would be analogous to the protective effect of vaccination of animals to subsequent infection. An explanation of this type could rationalize the occasional reports of substances

which are protective in small doses but are themselves damaging in higher doses. This

could also rationalize why some antimutagenic agents turn out to be mutagens in other

studies.15

Regardless of the reality of these speculations (which will require significant additional

experimentation to prove or disprove), it is clear that the addition of epigallocatechin gallate to this system abolishes the induction of the SOS response. This strongly suggests that



©2000 by CRC Press LLC







FIGURE 10.16

Effect of glabrene on induction of the SOS response.



FIGURE 10.17

Effect of various concentrations of epigallocatechin gallate on glabrene induction of the SOS response.

©2000 by CRC Press LLC







FIGURE 10.18

Putative molecular interactions between glabrene and epigallocatechin gallate relating to DNA damage and

repair in cells.



the actual antimutagenic agent in this assay system is not glabrene but an oxidation product of it. A speculation regarding the nature of this agent is illustrated in Figure 10.18. In

this view, EGCG would interfere with this process by preventing this oxidation.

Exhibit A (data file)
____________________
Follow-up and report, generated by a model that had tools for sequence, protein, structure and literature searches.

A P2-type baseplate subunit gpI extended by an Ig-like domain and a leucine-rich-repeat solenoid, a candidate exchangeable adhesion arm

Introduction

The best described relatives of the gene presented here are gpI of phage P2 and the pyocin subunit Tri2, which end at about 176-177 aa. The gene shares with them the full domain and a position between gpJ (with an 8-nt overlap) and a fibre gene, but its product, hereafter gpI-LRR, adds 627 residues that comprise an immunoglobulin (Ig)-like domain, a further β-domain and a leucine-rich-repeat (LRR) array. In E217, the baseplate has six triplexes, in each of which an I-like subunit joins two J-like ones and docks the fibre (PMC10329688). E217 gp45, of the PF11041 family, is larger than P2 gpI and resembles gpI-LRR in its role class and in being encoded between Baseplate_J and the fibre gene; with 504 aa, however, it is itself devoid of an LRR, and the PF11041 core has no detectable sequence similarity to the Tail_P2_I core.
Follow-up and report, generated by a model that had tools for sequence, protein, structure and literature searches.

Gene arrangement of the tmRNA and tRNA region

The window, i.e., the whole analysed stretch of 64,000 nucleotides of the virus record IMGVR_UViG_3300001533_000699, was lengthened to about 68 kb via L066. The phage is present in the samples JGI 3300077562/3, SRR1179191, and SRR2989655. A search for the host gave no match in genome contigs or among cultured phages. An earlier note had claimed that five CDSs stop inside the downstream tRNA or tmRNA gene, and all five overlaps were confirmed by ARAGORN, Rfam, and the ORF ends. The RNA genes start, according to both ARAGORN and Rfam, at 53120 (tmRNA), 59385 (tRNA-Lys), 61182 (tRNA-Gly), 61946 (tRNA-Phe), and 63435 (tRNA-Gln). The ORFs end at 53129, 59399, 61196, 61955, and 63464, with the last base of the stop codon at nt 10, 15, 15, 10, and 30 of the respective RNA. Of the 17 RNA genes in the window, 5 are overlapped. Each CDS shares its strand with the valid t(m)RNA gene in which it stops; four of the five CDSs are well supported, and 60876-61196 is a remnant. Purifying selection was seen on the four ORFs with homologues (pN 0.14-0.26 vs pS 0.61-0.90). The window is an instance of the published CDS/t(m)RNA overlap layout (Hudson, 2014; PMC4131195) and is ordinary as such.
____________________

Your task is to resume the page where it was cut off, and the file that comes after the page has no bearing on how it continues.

These findings bring these otherwise apparently disparate investigations together and

suggest avenues for future exploration.



10.5



Summary



These studies indicate that powerful anticlastogenic agents which are capable of protecting

DNA against mutagenic change are present in common foodstuffs. Incorporation of these

agents into one’s diet results in providing a measure of protection against oxidative damage to DNA. When added to a regimen of exercise and balanced diet, and a clean environment, these agents could be useful in providing protection against aging, cancer,

atherosclerosis, and other degenerative diseases.

ACKNOWLEDGMENT:

the Pharmanex Corporation.



©2000 by CRC Press LLC







This work was supported in part by grants from the NIH and from



References

1. Denissenko, M.F., Pao, A., Tang, M.S., and Pfeifer, G.P., Science, 274, 430, 1996.

2. Hayatsu, H., Imada, N., Kakutani, T., Arimoto, S., Negishi, T., Mori, K., Okuda, T., and Sakata,

I., Prev. Med., 21, 370, 1992.

3. Wattenberg, L.W., Cancer Res., 53, 5890, 1993.

4. Ames, B.N., Shigenaga, M.K., and Hagen, T.M., Proc. Natl. Acad. Sci. U.S.A., 90, 7915, 1993.

5. Koketsu, M., in Chemistry and Applications of Green Tea, Yamamoto, T., Juneja, L.R., Chu, D.-C.,

and Kim, M., Eds., CRC Press, Boca Raton, FL, 1997, 37.

6. Mitscher, L.A., Jung, M., Shankel, D., Dou, J.-H., Steele, L., and Pillai, S.P. Med. Res. Rev., 17,

328, 1997.

7. Jang, M., Cai, L., Udeani, G.O., Slowing, K.V., Thomas, C.F., Beecher, C.W.W., Fong, H.H.S.,

Farnsworth, N.R., Kinghorn, A.D., Mehta, R.G., Moon, R.C., and Pezzuto, J.M., Science, 275,

218, 1997.

8. Vogel, J., Ann. der Chemie, 44, 297, 1842.

9. Fahey, J.W., Zhang, Y., and Talalay, P., Proc. Natl. Acad. Sci. U.S.A., 94, 10367, 1997.

10. Wang, Z.Y., Cheng, S.J., Zhou, Z.C., Athar, M., Khan, W.A., Bickers, D.R., and Mukhtar, H.,

Mutat. Res., 223, 273, 1989.

11. Shiraki, M., Hara, Y., Osawa, T., Kumon, H., Nakayama, T., and Kawakishi, S., Mutat. Res.,

323, 29, 1994.